Pressure grows on Pope over sex abuse scandals

Pope Benedict opened Holy Week amid one of the most serious crises facing the church in decades, with questions over his handling of the clerical abuse scandal and the Vatican acknowledging its "moral credibility" was on the line.

He made no mention of the scandal in his Palm Sunday homily, but one of the prayers was "for the young and for those charged with educating them and protecting them".

This year the most solemn week on the Catholic Church's calendar has been stained by a clerical abuse scandal that has spread across Europe to the Pope's native Germany.

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And last night it emerged another parish priest in Northern Ireland had taken leave over child safety issues.

Cardinal Sean Brady said this was to allow the civil authorities, which had already been informed, to investigate the matter. But he emphasised that the priest continued to enjoy the right to the presumption of innocence while the matters were being investigated. The parish has not been identified.

Protesters gathered outside the main Catholic church in the UK to call for the Pope's resignation.

With placards stating "Pope Protects Paedophile Priests – Resign!" and "Sex Abuse Cover Up – Pope Must Resign" demonstrators confronted the congregation as it left Westminster Cathedral in central London.

They claim that Pope Benedict XVI was complicit in protecting priests accused of child sex abuse from prosecution.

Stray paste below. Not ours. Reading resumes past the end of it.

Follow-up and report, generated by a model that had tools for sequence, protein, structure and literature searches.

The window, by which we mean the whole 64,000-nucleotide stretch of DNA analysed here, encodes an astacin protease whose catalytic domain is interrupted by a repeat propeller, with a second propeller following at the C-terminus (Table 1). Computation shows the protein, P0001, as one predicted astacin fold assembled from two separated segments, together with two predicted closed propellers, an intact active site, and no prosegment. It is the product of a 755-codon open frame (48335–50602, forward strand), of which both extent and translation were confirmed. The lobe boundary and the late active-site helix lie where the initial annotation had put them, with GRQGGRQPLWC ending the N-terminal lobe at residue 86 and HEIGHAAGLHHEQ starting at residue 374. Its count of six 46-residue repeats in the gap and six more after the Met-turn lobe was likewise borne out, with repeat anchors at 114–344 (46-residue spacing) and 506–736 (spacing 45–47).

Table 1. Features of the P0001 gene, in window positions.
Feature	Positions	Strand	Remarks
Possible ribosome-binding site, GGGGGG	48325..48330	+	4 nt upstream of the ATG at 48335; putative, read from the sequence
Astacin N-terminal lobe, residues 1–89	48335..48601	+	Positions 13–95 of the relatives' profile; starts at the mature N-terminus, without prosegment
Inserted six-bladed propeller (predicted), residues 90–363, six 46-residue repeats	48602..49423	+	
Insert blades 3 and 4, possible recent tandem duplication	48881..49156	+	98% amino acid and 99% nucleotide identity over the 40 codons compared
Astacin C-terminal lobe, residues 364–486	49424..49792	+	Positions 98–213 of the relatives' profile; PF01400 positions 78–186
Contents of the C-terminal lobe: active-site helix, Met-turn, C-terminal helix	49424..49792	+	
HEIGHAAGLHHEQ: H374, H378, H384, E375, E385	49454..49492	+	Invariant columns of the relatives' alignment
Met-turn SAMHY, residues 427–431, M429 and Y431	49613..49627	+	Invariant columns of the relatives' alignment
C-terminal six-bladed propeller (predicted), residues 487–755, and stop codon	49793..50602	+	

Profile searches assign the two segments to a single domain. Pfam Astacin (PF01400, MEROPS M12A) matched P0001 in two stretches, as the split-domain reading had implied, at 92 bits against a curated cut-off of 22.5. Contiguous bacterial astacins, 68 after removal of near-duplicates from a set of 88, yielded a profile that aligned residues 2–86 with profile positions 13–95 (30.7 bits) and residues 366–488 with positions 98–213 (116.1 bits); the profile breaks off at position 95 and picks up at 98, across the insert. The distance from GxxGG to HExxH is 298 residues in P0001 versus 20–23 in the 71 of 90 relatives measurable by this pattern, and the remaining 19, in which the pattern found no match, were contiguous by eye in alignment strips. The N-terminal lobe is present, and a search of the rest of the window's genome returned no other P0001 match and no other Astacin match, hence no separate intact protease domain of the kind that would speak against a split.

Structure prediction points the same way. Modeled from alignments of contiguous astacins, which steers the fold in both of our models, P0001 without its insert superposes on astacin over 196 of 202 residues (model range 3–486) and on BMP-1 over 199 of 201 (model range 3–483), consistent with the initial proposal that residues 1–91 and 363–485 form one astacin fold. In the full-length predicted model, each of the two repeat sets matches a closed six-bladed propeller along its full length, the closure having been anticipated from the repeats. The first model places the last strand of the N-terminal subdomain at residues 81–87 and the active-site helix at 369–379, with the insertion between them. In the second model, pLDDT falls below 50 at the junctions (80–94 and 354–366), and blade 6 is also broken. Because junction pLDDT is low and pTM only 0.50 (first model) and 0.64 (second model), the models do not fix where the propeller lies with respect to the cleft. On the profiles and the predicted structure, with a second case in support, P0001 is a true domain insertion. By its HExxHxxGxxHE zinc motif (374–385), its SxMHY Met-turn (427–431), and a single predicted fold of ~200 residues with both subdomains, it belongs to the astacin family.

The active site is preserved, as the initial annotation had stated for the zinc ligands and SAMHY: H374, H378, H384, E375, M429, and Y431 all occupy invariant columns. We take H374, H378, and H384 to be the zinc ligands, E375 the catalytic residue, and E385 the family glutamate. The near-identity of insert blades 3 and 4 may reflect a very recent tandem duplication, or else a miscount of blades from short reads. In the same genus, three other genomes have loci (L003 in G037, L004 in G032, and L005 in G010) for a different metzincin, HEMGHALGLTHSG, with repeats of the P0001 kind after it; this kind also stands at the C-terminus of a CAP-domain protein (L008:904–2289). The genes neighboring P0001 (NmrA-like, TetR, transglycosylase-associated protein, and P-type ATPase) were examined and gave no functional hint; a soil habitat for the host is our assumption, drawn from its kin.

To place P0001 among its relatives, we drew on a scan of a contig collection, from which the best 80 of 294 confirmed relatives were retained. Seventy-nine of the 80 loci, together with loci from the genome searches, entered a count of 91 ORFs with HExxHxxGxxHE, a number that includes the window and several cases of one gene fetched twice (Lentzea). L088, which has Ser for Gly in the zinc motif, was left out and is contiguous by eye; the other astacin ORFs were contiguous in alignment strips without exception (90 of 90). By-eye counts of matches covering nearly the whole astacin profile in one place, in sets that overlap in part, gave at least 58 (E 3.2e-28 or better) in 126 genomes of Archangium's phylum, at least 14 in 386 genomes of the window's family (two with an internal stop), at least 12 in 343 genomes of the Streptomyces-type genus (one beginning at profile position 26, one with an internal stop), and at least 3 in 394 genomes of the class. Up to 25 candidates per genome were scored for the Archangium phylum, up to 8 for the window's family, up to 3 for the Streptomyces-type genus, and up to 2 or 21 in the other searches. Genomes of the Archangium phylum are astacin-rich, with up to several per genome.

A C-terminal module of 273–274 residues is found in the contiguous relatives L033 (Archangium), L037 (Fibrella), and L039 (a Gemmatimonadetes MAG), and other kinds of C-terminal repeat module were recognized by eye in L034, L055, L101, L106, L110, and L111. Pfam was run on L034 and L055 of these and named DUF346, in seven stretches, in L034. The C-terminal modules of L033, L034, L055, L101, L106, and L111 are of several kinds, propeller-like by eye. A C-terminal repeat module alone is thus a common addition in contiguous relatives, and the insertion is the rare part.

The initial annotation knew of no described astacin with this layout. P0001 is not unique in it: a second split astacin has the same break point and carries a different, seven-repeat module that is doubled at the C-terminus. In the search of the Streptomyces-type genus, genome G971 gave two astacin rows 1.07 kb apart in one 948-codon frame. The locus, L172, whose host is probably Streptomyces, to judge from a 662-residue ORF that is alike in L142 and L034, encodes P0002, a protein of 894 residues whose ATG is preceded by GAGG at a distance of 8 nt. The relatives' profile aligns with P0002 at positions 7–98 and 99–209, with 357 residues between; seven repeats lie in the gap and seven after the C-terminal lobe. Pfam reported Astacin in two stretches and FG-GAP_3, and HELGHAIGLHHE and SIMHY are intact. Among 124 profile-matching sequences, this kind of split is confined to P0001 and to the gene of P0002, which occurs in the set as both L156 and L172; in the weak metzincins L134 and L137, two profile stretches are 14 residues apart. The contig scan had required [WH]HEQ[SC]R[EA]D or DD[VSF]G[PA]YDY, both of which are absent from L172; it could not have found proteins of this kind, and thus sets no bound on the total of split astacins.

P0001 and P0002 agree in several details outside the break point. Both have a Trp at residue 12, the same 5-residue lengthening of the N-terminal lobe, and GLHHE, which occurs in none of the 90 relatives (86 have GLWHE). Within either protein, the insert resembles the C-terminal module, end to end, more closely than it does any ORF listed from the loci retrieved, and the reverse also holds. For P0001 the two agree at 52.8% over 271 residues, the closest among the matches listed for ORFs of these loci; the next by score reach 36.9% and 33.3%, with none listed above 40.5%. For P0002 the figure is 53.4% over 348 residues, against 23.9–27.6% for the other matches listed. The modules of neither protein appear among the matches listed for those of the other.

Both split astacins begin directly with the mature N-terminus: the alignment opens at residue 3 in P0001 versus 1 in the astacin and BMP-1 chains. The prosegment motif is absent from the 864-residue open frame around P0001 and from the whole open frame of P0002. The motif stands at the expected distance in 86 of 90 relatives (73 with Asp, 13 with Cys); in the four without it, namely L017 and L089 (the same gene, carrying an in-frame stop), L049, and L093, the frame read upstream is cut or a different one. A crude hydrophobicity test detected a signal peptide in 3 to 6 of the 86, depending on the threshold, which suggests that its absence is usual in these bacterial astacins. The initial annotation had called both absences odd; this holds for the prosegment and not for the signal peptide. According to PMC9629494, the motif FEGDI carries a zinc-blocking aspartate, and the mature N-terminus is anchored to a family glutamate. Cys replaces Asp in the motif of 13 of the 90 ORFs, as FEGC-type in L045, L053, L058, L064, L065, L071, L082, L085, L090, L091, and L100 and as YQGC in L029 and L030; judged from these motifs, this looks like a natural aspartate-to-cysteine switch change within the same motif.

As such many object to the pontiff's planned state visit to the UK in September.

Human rights campaigner Peter Tatchell was among the demonstrators and said that the Pope "bears personal responsibility for the cover up".

Last week, the Pontiff apologised to victims of child sex abuse in Ireland, but many believe that more could have been done to prevent abuse and report those responsible.

The Pope himself has been subjected to increased scrutiny over how he dealt with sex abuse cases in the past.

As Cardinal Joseph Ratzinger he was involved in the decision to send the Rev Peter Hullermann, accused of abusing boys, to Munich for therapy. He was allowed to return to pastoral duties days later. Hullermann was eventually convicted in 1986.

The church has insisted the then Cardinal Ratzinger was unaware of the decision to allow Hullerman to return to work.

But the New York Times reported on Friday that he was included on a memo stating that this would be the case.

The Pope also stands accused of intervening to halt a church trial of Father Lawrence Murphy, an American priest alleged to have abused up to 200 deaf boys between 1950 and 1975.

Cardinal Ratzinger was head of the Congregation for the Doctrine of the Faith that told bishops in Wisconsin to halt a 1997 trial of Murphy.

The Vatican has defended this decision of the grounds that Murphy – who died a year later – was of an advanced age and that the abuse dated back decades.

But protesters said the cases show up the Pope's failings when it comes to reporting abusers.

During his homily yesterday, the Pope directed himself to young people, as Palm Sunday is traditionally dedicated to the young.

The Vatican spokesman, the Rev Federico Lombardi, has acknowledged that the way the church responded to abuse was "crucial for its moral credibility".

He noted that most of the cases occurred decades ago. "But recognising them, and making amends to the victims, is the price of re-establishing justice and 'purifying memories' that will let us look with renewed commitment together with humility and trust in the future," he said on Vatican Radio.

Separately, a retired Italian cardinal and one-time candidate for the papacy said celibacy for priests should be reconsidered.